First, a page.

Once upon a time on the Isle of Man, there lived a poor farmer and his wife near a place called Glen Mooar. They lived in a nice little cottage and owned a bit of land on which they grew potatoes and grazed their cow.
Everyone knows fairies often play tricks, and on the Isle of Man, when the fairies were offended, sometimes they called upon the Bugganes, terrible ogres who lived in ruins and forests and waterfalls.
The Bugganes hated to be disturbed. They could shift their shapes to look like anything and anyone they wished, and so few people had ever seen them. But those who had seen them said they were enormous creatures, with coarse black hair and wrinkled skin, with red mouths and cloven feet and eyes like fire.
People often told the story of the Buggane that tore the roof off St. Trinian's church again and again because the church was built on its mountain. And people said there was a Buggane that lived in the waterfall very near the farmer's house.
The farmer was hard working and kind, but his wife was terribly lazy and liked to lie in bed. Her neighbors were forever whispering about her. "She wears out more blankets than shoes," her next-door neighbor said.
"'Tis sad," added another, "an excuse is nearer that woman than her apron is."
Every morning the farmer woke at dawn and called out to his wife, "Lose an hour in the morning and you'll be looking for it all day!" but she only turned over again. "You'll never plough a field by turning it over in your mind," he said. But she slumbered on.
So he set off to work in that field. Many were the days that he came home for breakfast only to find her still asleep. There was no fire. There was no food. On those days he would build a fire and cook his own gruel. Alas, he would sigh, "A cabin with plenty of food is better than a castle with none."
Often when he came home for his midday meal, his wife was still asleep. At long last, the farmer decided it was time to play a trick on her. So when he awoke, he fetched some straw from the barn. With that straw he blocked up all the windows in that little cottage.
Late in the afternoon he came home and found his wife still in bed, waiting for the day to come.
"Hurry," the farmer said, "come see the sun rise in the West!"
She quickly climbed out of bed, and the farmer opened the door to show her. The whole sky looked to be on fire, for the sun was actually setting. But the woman was frightened at the sight and asked, "What makes the sun rise in the West?"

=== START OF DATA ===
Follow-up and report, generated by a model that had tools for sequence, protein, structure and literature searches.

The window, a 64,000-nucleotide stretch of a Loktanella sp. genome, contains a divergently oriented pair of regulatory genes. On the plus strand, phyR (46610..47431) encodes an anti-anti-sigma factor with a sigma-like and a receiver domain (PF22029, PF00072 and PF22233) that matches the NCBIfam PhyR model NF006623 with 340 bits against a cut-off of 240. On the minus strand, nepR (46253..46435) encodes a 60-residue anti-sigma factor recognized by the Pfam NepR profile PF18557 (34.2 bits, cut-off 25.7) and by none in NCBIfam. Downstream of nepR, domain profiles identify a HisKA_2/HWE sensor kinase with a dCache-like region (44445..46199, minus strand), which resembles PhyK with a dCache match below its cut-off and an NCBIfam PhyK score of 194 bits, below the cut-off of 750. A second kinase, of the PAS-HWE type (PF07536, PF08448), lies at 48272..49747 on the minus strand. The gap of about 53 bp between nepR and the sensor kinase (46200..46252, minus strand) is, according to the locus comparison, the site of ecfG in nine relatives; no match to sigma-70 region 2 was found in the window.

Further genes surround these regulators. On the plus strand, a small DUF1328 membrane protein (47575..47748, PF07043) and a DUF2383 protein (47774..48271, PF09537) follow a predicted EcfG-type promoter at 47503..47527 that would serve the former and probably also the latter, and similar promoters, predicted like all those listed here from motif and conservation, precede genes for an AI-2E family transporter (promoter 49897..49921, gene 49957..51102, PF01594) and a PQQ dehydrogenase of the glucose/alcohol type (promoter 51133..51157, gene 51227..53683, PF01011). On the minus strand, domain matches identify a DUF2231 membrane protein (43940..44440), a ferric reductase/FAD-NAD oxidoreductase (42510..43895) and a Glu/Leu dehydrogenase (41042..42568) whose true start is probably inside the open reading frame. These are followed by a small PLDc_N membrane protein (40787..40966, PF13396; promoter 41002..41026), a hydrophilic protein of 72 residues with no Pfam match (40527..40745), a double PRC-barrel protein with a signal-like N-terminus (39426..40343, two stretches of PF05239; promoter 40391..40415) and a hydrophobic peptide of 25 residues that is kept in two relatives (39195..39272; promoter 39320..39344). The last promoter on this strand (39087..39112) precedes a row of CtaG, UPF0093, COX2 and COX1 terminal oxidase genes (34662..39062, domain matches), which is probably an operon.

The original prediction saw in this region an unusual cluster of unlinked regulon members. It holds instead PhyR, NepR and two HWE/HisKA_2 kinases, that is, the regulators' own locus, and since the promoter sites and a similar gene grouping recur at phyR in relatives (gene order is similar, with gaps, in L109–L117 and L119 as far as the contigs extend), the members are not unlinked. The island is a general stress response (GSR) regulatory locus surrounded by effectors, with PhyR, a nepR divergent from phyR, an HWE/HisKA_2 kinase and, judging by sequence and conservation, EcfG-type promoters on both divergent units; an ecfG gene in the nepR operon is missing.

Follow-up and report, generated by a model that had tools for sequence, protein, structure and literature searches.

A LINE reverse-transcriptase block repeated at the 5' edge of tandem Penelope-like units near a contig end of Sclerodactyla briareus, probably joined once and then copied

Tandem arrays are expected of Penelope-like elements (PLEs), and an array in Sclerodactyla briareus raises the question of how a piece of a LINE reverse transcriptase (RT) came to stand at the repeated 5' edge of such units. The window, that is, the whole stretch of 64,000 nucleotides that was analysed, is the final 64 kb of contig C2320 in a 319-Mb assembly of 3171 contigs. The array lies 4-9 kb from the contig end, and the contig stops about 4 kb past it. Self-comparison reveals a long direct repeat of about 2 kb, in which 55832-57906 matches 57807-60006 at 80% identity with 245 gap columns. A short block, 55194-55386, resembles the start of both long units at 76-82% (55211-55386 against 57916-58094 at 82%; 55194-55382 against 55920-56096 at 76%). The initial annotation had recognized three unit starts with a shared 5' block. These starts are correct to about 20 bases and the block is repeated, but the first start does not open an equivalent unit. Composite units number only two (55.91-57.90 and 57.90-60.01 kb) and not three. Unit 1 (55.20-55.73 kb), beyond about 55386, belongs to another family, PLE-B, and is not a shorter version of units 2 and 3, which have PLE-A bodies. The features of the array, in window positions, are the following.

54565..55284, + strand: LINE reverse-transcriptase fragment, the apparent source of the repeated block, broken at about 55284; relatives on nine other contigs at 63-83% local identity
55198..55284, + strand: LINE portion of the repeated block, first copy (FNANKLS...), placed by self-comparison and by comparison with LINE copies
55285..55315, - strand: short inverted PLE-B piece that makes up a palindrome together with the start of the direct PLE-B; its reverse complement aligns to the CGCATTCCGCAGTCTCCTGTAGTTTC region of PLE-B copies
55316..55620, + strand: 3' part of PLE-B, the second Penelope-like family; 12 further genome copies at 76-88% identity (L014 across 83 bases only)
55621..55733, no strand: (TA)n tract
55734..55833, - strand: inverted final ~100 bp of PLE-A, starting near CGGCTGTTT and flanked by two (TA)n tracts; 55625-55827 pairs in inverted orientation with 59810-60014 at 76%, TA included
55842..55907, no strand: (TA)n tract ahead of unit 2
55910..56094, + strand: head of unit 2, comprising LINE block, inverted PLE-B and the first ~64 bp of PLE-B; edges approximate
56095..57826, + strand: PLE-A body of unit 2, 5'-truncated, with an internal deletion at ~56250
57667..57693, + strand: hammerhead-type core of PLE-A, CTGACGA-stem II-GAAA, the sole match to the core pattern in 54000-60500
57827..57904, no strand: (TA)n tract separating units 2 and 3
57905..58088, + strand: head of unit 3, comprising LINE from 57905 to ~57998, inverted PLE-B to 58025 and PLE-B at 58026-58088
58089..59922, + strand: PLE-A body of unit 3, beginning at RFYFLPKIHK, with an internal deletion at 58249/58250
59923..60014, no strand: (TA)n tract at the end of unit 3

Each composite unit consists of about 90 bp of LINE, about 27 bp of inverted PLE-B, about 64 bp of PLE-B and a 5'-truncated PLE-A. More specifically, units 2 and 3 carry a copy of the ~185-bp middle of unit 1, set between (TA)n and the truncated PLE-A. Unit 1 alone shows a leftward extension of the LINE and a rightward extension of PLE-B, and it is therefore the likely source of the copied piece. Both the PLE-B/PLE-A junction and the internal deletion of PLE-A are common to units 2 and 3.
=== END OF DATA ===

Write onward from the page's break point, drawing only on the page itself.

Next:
"Must be the Buggane," the farmer said. "The hairy one that lives under the waterfall. It's a bad hen that doesn't scratch for itself. You best be careful or it might come to punish you for your lazy ways."
"What do you know of the Buggane?" the wife asked. But the farmer only said, "Ask me no questions; I'll tell you no lies."
Soon after that he went out to go fishing under the bright full moon.
As soon as he was gone, the woman realized she was hungry. But there was no bread in the cupboard, and she knew she would have to bake it. She slipped the bolt on the door so the fairies wouldn't catch her baking after sunset -- the fairies did not like that kind of thing. Then she began to knead the meal. She clapped her cakes as thin as could be and picked up a knife to cut them into circles. When the first one was cut, she brushed the griddle and tossed the cake on the fire. As she picked up her knife and began to cut the second cake, she heard a knock at the door.
"Who's there?" she called, but no one answered. Then she heard another sound, someone knocking harder and way up high on the door.
"Who's there?" she asked again. This time a thick, gravelly voice answered, "Open for me, for I am he."
That made no sense, so she ignored the voice. But the voice cried again, "Open for me for I am he." Before she could say a word, the door burst open, and there stood the hideous Buggane.
Before she could run, that Buggane clutched her by her apron and swung her over its wide shoulder and ran down the hill all the way to the top of Spooyt Vooar, the huge waterfall.
The woman was terrified. She could hear those roaring waters, and from above she saw the stream turning to spray as it hit the rocks. She knew she would drown as the Buggane swung her high into the air, preparing to toss her down the falls.
Just then she remembered the knife in her hands. Quick as she could, she cut her apron strings and tumbled onto the ground. She rolled away, but the Buggane stumbled and fell forward, right into that waterfall.
The Buggane rolled and bounced, head over heels. People from miles away could hear the creature roaring, "Rumble, rumble, rumble, it is I who tumble." Then they heard a splash.
And no one saw that Buggane ever again. People say that farmer's wife learned her lesson. She gave up her lazy ways and became as good a wife as a farmer could wish for. She always baked bread well before the sunset, so as to not offend the fairy folk!